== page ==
By Max Clarke

The Gross domestic product preliminary estimate for the Fourth Quarter 2010 published today by the ONS shows the UK economy experienced a contraction of 0.5% compared to the same quarter 2009. Third quarter figures reported 0.7% growth, leading commentators to explain the sudden drop in GDP as being partly an effect of December's bad weather.

Responding to the figures for the fourth quarter which indicate a 0.5% drop in GDP, David Kern, Chief Economist at the British Chambers of Commerce (BCC) has commented:

“The fall in GDP in the fourth quarter is worrying and well below everybody’s expectations. Even if you accept the assessment from the Office of National Statistics (ONS) that underlying growth was flat before the impact of the severe weather, the outcome is very disappointing.
“There are positive features in these figures, notably the strong growth in manufacturing. However the decline in services is of concern and could have an adverse effect on jobs.

“In spite of these figures we believe the government should persevere with the deficit cutting programme, but the economy is clearly fragile and policy must be implemented cautiously. The Monetary Policy Committee must abandon any early interest rate rise until the recovery is more secure. On its part, the government must ensure obstacles that hamper businesses in their efforts to create jobs, invest and export must be removed.”

Jeremy Cook, chief economist at World First has also commented, saying:

“Sterling has been seriously destabilised by these figures and traders are now abandoning all hope that the Bank of England will raise interest rates sooner rather than later.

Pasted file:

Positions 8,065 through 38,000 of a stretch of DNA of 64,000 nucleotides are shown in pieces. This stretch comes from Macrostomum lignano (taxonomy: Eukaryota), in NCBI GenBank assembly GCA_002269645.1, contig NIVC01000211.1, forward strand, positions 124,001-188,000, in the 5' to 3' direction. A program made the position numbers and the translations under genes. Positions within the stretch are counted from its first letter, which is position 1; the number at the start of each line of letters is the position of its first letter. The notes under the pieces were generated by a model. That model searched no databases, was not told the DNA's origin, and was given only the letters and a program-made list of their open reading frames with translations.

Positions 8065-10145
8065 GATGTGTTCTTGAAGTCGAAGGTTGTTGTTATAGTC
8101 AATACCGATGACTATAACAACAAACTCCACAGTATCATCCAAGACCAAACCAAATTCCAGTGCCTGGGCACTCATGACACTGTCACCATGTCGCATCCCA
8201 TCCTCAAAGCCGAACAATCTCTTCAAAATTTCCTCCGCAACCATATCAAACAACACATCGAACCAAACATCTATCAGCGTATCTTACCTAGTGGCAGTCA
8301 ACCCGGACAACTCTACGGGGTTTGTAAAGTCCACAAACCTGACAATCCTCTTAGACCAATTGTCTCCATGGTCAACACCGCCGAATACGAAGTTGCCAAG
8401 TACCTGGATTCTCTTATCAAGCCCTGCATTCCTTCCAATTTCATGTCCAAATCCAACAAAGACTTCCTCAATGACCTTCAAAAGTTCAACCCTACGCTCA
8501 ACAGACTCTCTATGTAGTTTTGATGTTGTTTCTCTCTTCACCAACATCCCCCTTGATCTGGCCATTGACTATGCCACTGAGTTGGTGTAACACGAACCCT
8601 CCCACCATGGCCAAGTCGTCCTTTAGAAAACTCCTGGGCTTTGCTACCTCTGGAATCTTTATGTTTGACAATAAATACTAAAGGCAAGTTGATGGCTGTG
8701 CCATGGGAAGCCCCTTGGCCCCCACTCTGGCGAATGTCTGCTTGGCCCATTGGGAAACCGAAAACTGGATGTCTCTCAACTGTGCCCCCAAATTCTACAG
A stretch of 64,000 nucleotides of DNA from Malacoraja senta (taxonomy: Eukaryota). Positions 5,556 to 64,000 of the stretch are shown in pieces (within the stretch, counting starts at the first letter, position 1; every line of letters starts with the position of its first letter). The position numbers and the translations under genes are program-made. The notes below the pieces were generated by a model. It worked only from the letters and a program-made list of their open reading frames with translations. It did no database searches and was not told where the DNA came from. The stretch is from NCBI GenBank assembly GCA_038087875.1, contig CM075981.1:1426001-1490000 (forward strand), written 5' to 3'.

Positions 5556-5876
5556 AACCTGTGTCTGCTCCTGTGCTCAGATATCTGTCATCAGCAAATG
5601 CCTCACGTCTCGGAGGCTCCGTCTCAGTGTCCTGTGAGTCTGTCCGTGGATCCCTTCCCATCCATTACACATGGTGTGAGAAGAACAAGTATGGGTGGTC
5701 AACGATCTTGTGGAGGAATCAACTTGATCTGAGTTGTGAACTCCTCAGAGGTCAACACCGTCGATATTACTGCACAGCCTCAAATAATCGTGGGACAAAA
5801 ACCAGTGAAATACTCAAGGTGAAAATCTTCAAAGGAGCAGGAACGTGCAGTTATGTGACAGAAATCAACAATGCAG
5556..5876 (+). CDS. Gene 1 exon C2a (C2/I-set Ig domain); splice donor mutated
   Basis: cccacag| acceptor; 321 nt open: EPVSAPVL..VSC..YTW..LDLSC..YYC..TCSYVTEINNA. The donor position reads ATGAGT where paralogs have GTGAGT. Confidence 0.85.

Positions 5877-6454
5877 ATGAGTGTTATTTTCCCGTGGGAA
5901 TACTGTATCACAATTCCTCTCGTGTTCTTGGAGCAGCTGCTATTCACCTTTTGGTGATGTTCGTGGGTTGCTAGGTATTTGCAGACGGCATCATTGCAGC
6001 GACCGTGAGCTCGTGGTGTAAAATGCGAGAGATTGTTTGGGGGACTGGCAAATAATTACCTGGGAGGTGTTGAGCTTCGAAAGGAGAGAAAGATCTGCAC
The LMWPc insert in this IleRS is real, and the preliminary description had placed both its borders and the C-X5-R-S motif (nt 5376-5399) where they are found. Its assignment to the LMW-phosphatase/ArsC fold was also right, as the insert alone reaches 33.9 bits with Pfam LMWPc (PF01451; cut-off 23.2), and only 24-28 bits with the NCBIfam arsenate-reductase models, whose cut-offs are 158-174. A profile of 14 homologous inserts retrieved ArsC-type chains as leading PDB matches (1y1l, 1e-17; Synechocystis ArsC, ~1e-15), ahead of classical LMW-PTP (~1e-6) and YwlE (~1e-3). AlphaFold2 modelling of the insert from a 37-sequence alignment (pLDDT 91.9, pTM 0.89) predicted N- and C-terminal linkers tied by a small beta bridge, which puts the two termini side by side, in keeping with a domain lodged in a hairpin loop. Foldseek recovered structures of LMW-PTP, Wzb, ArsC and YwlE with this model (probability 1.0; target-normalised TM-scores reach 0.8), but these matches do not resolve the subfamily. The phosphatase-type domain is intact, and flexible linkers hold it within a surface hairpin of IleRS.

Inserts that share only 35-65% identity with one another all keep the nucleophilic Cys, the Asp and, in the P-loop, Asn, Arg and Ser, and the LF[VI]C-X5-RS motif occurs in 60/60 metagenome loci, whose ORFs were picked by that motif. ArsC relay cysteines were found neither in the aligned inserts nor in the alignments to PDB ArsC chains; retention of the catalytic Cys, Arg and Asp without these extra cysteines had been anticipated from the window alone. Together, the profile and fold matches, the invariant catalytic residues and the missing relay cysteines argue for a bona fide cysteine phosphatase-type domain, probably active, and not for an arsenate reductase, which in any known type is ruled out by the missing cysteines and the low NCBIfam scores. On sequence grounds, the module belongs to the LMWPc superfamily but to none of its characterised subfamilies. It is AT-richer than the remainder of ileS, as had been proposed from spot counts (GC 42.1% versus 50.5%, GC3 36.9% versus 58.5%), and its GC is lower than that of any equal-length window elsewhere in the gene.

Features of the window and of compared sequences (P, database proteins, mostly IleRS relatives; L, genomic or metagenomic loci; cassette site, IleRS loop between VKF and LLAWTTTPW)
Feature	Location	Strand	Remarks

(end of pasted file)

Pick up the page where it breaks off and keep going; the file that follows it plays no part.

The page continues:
“This opens the door to ‘stagflation’ a combination of high inflation and stagnant growth which would see the economic recovery snuffed out.

“To be honest, although this is only a preliminary figure, this is a real shocker.”

Dr John Philpott, Chief Economic Adviser at the Chartered Institute of Personnel and Development (CIPD) also commented on the government policy implications of the figure:

“As for policy, the GDP figure will add to the dilemma currently facing the Bank of England as it decides how to cope with the twin pressures of seriously below trend economic growth and above target inflation. The CIPD hopes that today’s figures will deter those calling for higher interest rates.

“The Government, meanwhile, would be well advised to use today’s figure as an opportunity to reconsider what appears to be a ‘sat-nav’ approach to fiscal policy. Pursuing a fixed course of cuts in public spending and tax increases regardless of obstacles and bumps in the road is not sustainable — particularly in the face of fairly large bumps like this. If the economy continues to underperform and unemployment soars in the coming months, the Government will need to make clear that it is willing to adopt a more flexible policy for cutting the fiscal deficit.”